• Declaration by Central Arbitration Committee (CAC) is the culmination of a campaign that first secured worker rights for The Doctor’s Laboratory’s (TDL) couriers in June

  • The IWGB has initiated £1m class action against TDL over unpaid holiday pay.

1 MARCH: The Independent Workers’ Union of Great Britain (IWGB) has become the first union in the UK to be recognised for the purposes of collective bargaining with a company in the so-called “gig economy”.

The Central Arbitration Committee (CAC) declared this week that the IWGB is recognised for collective bargaining on behalf of couriers at National Health Service (NHS) provider The Doctor’s Laboratory (TDL).

The declaration by the CAC is the culmination of a long campaign by the IWGB that in June secured “worker” status for the couriers, who had previously been classed as independent contractors. This was followed by a settlement granting full employee rights to some of the couriers last month.

Unlike workers and employees, independent contractors do not have the right to form collective bargaining units, to the minimum wage nor to holiday pay.

The couriers that form part of the collective bargaining unit work for TDL carrying pathology samples to their laboratories, but also taking blood to hospitals for emergency transfusions. Over 100 couriers work at TDL.

TDL courier and IWGB union representative Alex Marshall said: “We were forced to unionise since every time we went to management with a concern we were being ignored. It is quite reassuring that we will now be taken more seriously and have a seat at the table to negotiate what we are rightly entitled to.”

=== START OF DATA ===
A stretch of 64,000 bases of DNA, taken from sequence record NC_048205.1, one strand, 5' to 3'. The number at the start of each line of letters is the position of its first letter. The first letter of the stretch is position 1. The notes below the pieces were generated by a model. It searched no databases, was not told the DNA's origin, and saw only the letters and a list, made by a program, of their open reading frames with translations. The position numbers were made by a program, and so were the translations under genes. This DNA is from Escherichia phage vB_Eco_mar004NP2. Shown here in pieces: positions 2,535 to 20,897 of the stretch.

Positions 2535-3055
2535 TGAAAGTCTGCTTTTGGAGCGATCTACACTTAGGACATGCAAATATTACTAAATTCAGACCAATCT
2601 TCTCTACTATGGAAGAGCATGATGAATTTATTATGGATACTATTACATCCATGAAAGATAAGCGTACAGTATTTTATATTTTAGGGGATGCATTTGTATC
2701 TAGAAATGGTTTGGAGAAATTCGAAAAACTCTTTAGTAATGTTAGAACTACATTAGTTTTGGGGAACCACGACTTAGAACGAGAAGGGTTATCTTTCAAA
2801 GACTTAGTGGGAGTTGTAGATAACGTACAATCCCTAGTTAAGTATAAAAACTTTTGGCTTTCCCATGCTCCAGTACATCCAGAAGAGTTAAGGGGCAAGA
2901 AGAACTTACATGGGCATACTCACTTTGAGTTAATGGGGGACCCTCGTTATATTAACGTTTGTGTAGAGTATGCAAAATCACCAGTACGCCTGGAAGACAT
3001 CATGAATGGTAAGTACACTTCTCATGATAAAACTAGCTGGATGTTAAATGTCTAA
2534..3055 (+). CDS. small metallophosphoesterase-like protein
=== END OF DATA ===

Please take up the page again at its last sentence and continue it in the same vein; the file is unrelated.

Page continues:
IWGB General Secretary Dr Jason Moyer-Lee said: “The TDL couriers have shown that organising and winning in the so-called “gig economy” is possible.Contrary to the Government’s empty platitudes about giving workers a stronger voice, the best way for gig economy workers to have a voice at work is to establish collective bargaining arrangements between their union and their employer.”

The IWGB has also launched a £1m holiday pay claim against TDL on behalf of 50 couriers.

The union has had a number of campaigning and tribunal victories for workers in the so-called “gig economy”, including cases against CitySprintUber and Addison Lee.

The IWGB has also been highly critical of the government’s failed attempts, through the Taylor Review and the subsequent government response, to address the issues arising from the increase in insecure work and has called on Business Secretary Greg Clark to resign. “Bad Job”, an in-depth analysis of the flaws in the government’s “Good Work” report, can be found here.

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Emiliano Mellino, Press officer